The Peter MacCallum Cancer Centre is taking delivery of an innovative Australian 3D bio-printing platform capable of turbocharging cancer research, the first such model to be used anywhere in the world.
Inventia’s 3D bio-printing platform, RASTRUM, allows scientists to print mini three-dimensional tissues that mimic the human body, at unprecedented scale and speed. This replaces a time-consuming and manual process, and will dramatically expand capacity for research and drug development in realistic models. It is expected to accelerate the discovery of potential new treatments, and have a profound impact on cancer research.
RASTRUM is a unique collaboration of Australian science and engineering, powered by support from the Commonwealth Government, NSW Government and the University of NSW.
RASTRUM differs from other bio-printers by using ‘drop-on-demand’ technology, akin to an inkjet printer. It can produce 1,000 three-dimensional cell models in less than six hours, a feat that would take more than 50 hours using current manual techniques.
Inventia’s platform technology has the potential to accelerate medical discoveries and to bolster personalised medicine and regenerative therapies. Over time, it could print skin, bone and other tissue to replace damaged body parts. It could be used treat serious burns or replace a torn knee meniscus, for example.
The Victorian Centre for Functional Genomics (VCFG), based at the Peter MacCallum Cancer Centre in Melbourne, is the first lab to install the RASTRUM system.
“This is a novel and exciting platform for cancer research,” says Associate Professor Kaylene Simpson, who is Head of the VCFG at Peter Mac.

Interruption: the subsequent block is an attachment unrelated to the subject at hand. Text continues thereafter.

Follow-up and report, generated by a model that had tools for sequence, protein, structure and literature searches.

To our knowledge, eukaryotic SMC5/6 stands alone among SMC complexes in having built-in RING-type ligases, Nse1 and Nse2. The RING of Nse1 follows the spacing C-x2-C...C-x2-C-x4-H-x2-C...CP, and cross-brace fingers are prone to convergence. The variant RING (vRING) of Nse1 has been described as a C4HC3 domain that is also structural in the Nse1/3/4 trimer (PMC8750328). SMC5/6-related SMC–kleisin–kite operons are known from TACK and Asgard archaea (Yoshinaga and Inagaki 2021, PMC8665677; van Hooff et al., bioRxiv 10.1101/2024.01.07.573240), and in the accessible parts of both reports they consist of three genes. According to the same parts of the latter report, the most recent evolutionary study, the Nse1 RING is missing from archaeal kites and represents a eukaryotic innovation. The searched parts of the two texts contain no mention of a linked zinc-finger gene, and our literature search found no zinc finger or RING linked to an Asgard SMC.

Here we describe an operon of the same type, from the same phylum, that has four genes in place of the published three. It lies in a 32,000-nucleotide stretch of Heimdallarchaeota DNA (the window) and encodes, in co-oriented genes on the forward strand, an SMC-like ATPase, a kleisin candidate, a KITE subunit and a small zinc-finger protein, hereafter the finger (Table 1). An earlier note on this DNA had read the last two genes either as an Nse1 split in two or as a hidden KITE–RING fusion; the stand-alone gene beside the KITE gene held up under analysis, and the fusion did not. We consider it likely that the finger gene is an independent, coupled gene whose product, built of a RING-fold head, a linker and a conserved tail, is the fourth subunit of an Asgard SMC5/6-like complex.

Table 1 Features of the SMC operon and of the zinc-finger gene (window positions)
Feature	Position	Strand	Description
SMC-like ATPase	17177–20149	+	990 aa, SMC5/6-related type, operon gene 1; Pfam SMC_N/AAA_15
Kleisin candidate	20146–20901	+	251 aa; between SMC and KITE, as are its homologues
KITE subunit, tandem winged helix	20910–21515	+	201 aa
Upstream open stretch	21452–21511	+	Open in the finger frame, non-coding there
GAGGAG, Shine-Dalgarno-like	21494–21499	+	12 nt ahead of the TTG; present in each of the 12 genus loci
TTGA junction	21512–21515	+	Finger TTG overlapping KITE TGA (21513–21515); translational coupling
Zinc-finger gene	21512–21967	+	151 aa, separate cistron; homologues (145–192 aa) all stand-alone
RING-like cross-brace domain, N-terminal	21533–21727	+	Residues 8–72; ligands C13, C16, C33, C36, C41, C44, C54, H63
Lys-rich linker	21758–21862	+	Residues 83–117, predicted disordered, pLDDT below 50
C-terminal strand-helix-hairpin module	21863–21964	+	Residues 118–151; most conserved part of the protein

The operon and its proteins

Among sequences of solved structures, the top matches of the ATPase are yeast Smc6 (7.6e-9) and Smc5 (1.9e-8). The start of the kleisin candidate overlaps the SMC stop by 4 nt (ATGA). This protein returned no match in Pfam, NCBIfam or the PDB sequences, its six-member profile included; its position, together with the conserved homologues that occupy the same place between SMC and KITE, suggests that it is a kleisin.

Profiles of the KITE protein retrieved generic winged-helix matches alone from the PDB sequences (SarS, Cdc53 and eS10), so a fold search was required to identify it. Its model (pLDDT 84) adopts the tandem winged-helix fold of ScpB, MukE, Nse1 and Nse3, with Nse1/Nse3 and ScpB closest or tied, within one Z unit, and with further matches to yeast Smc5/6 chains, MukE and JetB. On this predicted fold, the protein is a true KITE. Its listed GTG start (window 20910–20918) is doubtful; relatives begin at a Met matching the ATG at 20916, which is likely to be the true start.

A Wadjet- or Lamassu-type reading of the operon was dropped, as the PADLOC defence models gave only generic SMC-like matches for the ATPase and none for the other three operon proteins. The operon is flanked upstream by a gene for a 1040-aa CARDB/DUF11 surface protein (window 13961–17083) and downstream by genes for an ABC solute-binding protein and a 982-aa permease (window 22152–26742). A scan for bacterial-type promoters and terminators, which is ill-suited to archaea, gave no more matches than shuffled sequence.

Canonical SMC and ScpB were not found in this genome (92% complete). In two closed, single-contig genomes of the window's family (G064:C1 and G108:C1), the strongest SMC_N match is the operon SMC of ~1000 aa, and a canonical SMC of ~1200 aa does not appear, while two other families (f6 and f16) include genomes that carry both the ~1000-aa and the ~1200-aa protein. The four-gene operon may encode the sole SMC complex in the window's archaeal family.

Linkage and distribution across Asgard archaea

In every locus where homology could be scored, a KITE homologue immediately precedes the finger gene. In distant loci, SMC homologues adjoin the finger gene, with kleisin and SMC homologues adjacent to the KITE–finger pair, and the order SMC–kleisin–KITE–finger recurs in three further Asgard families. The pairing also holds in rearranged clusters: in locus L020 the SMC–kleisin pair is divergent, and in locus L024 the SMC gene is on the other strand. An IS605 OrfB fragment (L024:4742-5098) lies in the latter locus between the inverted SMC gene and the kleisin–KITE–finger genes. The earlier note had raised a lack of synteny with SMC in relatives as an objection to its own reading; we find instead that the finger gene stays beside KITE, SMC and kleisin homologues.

“The ability to create realistic three-dimensional cell models through an automated and scalable process will vastly accelerate our research progress and advance therapeutic target discovery.
“We have a very clear vision for the clinical applications of this technology.”
Inventia arose from an academic/commercial partnership, with the platform developed in collaboration with UNSW Professors Justin Gooding and Maria Kavallaris, and supported by federal funding. The printer itself was developed by Inventia’s own engineers.
“Our collaboration with Peter MacCallum Cancer Centre provides a powerful opportunity to drive progress in cancer research,” said Dr Julio Ribeiro, CEO of Inventia Life Sciences.
“This installation will seriously accelerate the creation of three-dimensional tissues allowing researchers high throughput, to drive discovery-based cancer research.
“This is a unique collaboration of Australian science, research and innovation and I wish to thank Peter MacCallum Cancer Centre for sharing our vision.”
Inventia recently won Series A investment support, raising $10 million from Scott Farquhar’s investment firm, Skip Capital, Luca Belgiorno-Nettis through Prisma, Blackbird, AirTree Ventures, and the CSIRO venture arm Main Sequence Ventures.